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Anyone knows why the following code works under g++ 4.7.2? If I change the name printf to another name such as f, it has compiler error saying constexpr can't contain non-const function calls (which I think is the correct behavior).

[hidden]$ cat d.cpp 
extern "C" { extern int printf(const char* s, ...); }
constexpr int g() { return printf(""), 0; }
template <int N> struct X { const static int value = N; };
int n = X<g()>::value;
[hidden]$ g++ -std=c++11 -c d.cpp
[hidden]$ g++ -v |& tail -1
gcc version 4.7.2 20121109 (Red Hat 4.7.2-8) (GCC) 

Note I don't include any header files.

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why it shouldn't work? –  BЈовић May 17 '13 at 21:04
As I said, if I change the printf to any other name, it has the compiler error. So generally it shouldn't work. Here it works only because gcc has special handling for a name called printf. This is weird. –  icando May 17 '13 at 21:05
This is probably a bug, g++ 4.6 as well as clang++ 3.1 reject this. –  n.m. May 17 '13 at 21:06

2 Answers 2

up vote 4 down vote accepted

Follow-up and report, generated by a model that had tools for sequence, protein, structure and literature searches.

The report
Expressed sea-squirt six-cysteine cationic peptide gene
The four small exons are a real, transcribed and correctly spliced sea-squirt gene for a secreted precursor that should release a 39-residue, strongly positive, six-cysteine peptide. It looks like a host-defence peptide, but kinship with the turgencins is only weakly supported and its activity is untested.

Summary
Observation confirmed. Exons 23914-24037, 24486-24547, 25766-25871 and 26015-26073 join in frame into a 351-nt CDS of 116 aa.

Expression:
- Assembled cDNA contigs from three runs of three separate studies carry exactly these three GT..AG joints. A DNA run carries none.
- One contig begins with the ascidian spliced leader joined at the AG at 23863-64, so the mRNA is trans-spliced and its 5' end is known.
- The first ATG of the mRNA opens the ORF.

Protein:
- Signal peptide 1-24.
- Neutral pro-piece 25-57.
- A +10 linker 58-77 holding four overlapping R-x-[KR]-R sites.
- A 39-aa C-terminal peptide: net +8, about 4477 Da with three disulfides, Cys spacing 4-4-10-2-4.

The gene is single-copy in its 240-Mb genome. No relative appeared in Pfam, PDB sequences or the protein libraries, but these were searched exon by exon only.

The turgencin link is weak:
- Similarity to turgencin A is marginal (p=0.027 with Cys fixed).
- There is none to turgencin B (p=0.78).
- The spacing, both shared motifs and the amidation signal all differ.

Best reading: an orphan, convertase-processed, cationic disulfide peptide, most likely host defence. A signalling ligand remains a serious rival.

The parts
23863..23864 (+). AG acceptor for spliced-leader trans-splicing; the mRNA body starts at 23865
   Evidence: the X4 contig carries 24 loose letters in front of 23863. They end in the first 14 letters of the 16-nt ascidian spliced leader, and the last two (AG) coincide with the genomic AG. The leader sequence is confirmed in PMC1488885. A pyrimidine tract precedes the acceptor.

printf() is handled as a builtin function by GCC/g++ in many cases (though I think this behavior is still a bug). From http://gcc.gnu.org/onlinedocs/gcc/Other-Builtins.html:

The ISO C90 functions ... printf ... are all recognized as built-in functions unless -fno-builtin is specified (or -fno-builtin-function is specified for an individual function)

You get the correct diagnostic if you use the -fno-builtin option.

The bug appears to be fixed in 4.8.0.

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Good to hear it is fixed in 4.8.0 –  icando May 17 '13 at 21:25
gcc 4.8.2 still allows printf and other builtins in a constexpr. My gut says this is not strictly conformant unless they document this as an extension. –  Shafik Yaghmour Mar 4 '14 at 18:37

I think stdio.h is included by default

I try it with puts and works for me [gcc version 4.7.2 (Ubuntu/Linaro 4.7.2-2ubuntu1)]

extern "C" { extern int puts(const char* s); }
constexpr int g() { return puts(""), 0; }
template <int N> struct X { const static int value = N; };
int n = X<g()>::value;


@Keith Thompson

Before I wrote "included by default" I tried the code below without #include <stdio.h>. It compiles with some warnings but runs - so (for some reason) printf, scanf, puts works without #include <stdio.h>. Maybe stdio.h is not included by default, maybe library with printf, scanf, puts is linked by default.

int main()
    char one;

    printf("Hello ");
    scanf("%c", &one);
share|improve this answer
I don't believe any header is included by default. Try declaring FILE *foo without #include <stdio.h>; you'll find that the identifier FILE is not visible. –  Keith Thompson May 17 '13 at 22:15

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